L Zeng

University of Rostock, Rostock, Mecklenburg-Vorpommern, Germany

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Publications (1)1.24 Total impact

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    ABSTRACT: Canine models are successfully applied to the study of haematopoietic stem cell transplantation (HSCT). Monitoring of haematopoietic donor/recipient chimerism is of major significance in detecting and quantifying engraftment or graft rejection of the donor-derived haematopoietic cells after transplantation. Radioactive analyses of polymorphic microsatellite markers are commonly used for chimerism analyses. We describe an improved, non-isotopic method that is based on the analysis of microsatellite markers in donor and recipient cells using capillary electrophoresis and fluorescence detection. Artificial mixtures of donor and recipient DNA that were generated from peripheral blood mononuclear cells from dog leukocyte antigen-identical siblings were used to analyse the sensitivity of the assay. DNA from dogs that had received HSCT were also analysed in order to demonstrate the feasibility of the method in vivo. For chimerism analyses, six different microsatellite loci were systematically amplified using fluorescent PCR primer. The fluorescent polymerase chain reaction products were separated by capillary electrophoresis using POP4 on a 310 ABI Prism Genetic Analyzer. After electrophoresis, fluorescence signals were automatically sized and quantified using GeneScan software. The method described provides an accurate assessment of haematopoietic chimerism in the canine model with significantly reduced hands-on time compared to conventional gel electrophoresis.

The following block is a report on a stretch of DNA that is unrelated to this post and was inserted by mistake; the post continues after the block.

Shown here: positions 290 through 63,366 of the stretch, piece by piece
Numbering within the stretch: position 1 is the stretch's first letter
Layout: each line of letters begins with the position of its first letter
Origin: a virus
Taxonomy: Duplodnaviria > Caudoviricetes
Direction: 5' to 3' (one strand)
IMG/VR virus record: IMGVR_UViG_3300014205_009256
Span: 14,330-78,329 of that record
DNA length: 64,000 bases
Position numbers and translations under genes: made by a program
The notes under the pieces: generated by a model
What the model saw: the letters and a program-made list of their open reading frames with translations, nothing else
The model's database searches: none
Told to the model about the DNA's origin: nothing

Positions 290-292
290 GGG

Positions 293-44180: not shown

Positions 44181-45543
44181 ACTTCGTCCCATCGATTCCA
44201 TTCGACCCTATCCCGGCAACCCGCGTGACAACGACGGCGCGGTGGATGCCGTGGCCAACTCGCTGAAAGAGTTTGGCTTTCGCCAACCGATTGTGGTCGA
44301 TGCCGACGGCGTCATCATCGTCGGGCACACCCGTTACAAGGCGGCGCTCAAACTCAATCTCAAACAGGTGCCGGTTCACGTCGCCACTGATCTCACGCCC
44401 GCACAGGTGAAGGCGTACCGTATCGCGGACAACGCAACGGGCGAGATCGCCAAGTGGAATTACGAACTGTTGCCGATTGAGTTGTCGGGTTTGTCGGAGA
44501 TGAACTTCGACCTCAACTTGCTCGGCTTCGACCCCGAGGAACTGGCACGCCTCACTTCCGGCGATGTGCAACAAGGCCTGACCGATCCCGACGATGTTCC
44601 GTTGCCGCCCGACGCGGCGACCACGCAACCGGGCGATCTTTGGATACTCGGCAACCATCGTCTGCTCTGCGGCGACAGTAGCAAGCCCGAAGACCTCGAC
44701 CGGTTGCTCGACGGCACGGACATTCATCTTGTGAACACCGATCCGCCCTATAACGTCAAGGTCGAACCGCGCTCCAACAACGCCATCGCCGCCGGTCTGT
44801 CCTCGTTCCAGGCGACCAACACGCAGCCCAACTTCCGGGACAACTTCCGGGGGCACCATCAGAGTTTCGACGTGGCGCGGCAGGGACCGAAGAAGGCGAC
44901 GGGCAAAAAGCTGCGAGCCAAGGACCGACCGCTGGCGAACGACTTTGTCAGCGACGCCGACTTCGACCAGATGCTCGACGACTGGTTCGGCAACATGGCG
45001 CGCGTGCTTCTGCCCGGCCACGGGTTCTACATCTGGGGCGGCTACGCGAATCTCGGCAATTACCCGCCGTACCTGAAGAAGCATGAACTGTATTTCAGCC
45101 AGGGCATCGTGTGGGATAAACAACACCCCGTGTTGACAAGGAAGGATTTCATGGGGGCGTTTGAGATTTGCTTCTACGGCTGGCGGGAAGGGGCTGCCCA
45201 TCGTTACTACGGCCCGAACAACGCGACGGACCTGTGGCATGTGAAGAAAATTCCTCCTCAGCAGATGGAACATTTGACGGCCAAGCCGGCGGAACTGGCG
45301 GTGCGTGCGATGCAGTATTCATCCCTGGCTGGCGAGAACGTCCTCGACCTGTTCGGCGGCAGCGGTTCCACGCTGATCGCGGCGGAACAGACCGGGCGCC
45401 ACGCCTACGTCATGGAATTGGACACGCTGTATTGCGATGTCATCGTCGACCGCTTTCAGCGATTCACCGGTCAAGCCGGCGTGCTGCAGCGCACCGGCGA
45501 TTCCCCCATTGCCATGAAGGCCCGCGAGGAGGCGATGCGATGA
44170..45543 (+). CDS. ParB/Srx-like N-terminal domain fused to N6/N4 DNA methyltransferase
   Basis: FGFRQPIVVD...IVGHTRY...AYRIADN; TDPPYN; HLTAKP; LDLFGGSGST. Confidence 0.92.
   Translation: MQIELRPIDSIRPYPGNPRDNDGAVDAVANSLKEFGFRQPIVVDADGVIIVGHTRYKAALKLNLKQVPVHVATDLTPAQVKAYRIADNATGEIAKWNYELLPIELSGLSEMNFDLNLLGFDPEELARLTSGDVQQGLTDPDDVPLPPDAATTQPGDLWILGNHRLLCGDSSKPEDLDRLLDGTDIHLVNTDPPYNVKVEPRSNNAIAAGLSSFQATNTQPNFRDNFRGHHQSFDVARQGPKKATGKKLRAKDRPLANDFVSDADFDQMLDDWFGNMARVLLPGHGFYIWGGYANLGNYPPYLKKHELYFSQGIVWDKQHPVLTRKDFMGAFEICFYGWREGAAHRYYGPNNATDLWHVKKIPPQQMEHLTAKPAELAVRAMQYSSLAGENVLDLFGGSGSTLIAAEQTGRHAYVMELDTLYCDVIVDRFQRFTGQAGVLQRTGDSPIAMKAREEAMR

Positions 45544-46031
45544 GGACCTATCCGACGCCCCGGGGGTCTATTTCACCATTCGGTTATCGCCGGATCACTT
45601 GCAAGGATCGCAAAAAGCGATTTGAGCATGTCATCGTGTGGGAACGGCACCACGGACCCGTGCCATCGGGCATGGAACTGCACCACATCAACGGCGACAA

No preview · Article · Mar 2005 · Veterinary Research Communications